Last week, Apple was at the heart of a conversation during the Republican presidential debate over encryption and national security. Candidates such as Jeb Bush explained that, even if companies like Apple aren’t willing to give up user data, the government has “got to keep asking because this is a hugely important issue.” Last night, NBC held a Democratic presidential debate out of South Carolina, and once again, encryption and technology’s role in national security were hot button issues during the debate.
National Security Stories January 18, 2016
National Security Stories January 15, 2016
Apple’s strong position on privacy and encryption has been at odds with the United States government’s pressure to step up its national security efforts in the wake of recent terrorist attacks across the globe. In short, iPhones are encrypted to protect customer data from prying eyes, and law enforcement agencies believe that gives criminals a safe haven for communication that can’t be traced.
The Obama administration including the former and current attorney general and FBI director have strongly voiced opposition to Apple’s position, and Tim Cook reportedly pressed the White House to back strong encryption as recently as this week. So it’s no surprise that Tim Cook and Apple came up at the end of last night’s Republican presidential debate hosted by the Fox Business channel where at least one candidate was asked to address his position on the subject.
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National Security Stories January 28, 2014
Rovio responds to claims Angry Birds was targeted by NSA smartphone surveillance program
Yesterday we reported on new leaked docs from Edward Snowden reported by The New York Times and others that detailed secret NSA and GCHQ programs used to siphon data from popular smartphone apps on both iOS and Android. While Apple and Google have yet to respond to the reports, today one of the main developers singled out in the claims has. Rovio, maker of the popular Angry Birds game that was mentioned several times in the reports, today posted a response on its website.
The developer confirms that it in no way works with NSA, GCHQ or any other government organization to provide data about users, but it does point to third-party advertising networks as a possibility of the leaks:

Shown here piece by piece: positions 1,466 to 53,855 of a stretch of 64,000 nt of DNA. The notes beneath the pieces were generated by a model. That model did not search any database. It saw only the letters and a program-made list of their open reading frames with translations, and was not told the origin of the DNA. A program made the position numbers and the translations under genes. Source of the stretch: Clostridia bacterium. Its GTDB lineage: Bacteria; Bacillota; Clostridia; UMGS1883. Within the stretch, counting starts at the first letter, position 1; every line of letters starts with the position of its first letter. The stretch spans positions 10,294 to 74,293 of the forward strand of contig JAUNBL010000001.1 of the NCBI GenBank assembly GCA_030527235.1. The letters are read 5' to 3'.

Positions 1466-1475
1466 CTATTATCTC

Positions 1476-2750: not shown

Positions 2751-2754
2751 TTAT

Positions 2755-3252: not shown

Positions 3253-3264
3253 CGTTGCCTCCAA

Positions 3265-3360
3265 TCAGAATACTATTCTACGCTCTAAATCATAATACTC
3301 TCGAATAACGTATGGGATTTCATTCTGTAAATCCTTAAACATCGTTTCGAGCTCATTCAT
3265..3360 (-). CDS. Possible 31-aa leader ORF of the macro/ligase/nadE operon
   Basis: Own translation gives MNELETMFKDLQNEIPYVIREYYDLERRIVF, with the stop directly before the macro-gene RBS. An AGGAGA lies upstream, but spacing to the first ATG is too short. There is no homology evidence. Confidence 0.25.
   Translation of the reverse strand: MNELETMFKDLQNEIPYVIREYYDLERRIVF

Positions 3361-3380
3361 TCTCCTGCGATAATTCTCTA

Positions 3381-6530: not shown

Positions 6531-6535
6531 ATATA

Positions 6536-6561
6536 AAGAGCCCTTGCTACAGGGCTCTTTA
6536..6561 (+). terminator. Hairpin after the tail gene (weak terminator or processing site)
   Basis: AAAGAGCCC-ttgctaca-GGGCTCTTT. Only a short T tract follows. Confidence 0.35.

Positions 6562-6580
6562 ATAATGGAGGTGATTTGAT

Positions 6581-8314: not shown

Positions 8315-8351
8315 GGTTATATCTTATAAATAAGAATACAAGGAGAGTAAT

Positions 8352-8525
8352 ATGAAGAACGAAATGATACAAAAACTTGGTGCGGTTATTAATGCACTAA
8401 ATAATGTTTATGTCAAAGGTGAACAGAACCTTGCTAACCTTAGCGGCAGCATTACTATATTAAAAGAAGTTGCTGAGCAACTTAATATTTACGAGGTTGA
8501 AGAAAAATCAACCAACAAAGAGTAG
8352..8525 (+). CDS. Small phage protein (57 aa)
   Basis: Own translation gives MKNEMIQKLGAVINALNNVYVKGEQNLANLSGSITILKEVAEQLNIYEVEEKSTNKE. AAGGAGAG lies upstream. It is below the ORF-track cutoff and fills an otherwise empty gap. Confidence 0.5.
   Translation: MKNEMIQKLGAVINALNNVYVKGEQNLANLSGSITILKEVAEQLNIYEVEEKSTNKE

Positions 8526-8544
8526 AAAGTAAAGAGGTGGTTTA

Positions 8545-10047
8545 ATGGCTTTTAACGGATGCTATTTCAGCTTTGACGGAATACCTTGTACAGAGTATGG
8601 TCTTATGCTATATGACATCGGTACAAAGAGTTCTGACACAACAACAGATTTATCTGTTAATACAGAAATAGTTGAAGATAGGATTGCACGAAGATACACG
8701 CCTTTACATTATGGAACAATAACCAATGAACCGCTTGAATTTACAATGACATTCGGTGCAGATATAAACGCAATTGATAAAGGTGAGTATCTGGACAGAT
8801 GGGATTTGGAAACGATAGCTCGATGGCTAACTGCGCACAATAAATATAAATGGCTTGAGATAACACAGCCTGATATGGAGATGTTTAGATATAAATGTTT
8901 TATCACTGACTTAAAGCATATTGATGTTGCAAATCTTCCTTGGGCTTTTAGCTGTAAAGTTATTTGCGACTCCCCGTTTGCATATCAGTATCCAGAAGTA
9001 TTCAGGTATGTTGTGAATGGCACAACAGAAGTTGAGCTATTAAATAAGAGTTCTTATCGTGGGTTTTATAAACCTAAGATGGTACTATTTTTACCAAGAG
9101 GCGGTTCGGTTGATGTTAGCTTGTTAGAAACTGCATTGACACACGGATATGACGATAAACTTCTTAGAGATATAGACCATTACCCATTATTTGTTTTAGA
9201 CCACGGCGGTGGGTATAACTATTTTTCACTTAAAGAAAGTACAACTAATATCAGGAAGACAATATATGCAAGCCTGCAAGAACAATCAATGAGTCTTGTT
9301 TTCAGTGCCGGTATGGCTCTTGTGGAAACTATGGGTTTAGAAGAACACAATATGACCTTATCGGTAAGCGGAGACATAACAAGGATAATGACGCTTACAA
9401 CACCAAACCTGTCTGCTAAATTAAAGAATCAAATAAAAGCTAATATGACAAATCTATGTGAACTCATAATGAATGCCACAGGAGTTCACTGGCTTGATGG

The alleged surveillance may be conducted through third party advertising networks used by millions of commercial web sites and mobile applications across all industries. If advertising networks are indeed targeted, it would appear that no internet-enabled device that visits ad-enabled web sites or uses ad-enabled applications is immune to such surveillance. Rovio does not allow any third party network to use or hand over personal end-user data from Rovio’s apps.
Referring to the third-party advertising networks, Rovio CEO Mikael Hed said the company would have to “re-evaluate working with these networks if they are being used for spying purposes.”
Angry Birds wasn’t the only app specifically mentioned in the leaked docs, however. The reports claim the NSA program is capable of intercepting information ranging from location, age, and sex of users to address books, buddy lists, phone logs, geographic data and more from various mobile apps and third-party ad networks. Twitter, Google Maps, Facebook and others were also specifically mentioned in yesterday’s reports.
National Security Stories January 27, 2014
New documents leaked by Edward Snowden and reported by The New York Times, The Guardian and ProPublica detail how the NSA and its British counterpart can collect users’ personal data through smartphone apps. The reports specifically mention popular apps like Angry Birds, Twitter, Google Maps and Facebook and claim the NSA is capable of intercepting information ranging from location, age, and sex of users to address books, buddy lists, phone logs, geographic data and more:
The N.S.A. and Britain’s Government Communications Headquarters were working together on how to collect and store data from dozens of smartphone apps by 2007, according to the documents, provided by Edward J. Snowden, the former N.S.A. contractor. Since then, the agencies have traded recipes for grabbing location and planning data when a target uses Google Maps, and for vacuuming up address books, buddy lists, phone logs and the geographic data embedded in photos when someone sends a post to the mobile versions of Facebook, Flickr, LinkedIn, Twitter and other services.
At least one of the app developers, Rovio, is not surprisingly unaware of any of the activity mentioned in the documents, but it will be up to the app developers, Apple, and Google to address the issue and clarify for users if their personal data is safe. In a recent interview with ABC, Apple CEO Tim Cook commented on the controversy over surveillance programs and promised he would press congress for more transparency: expand full story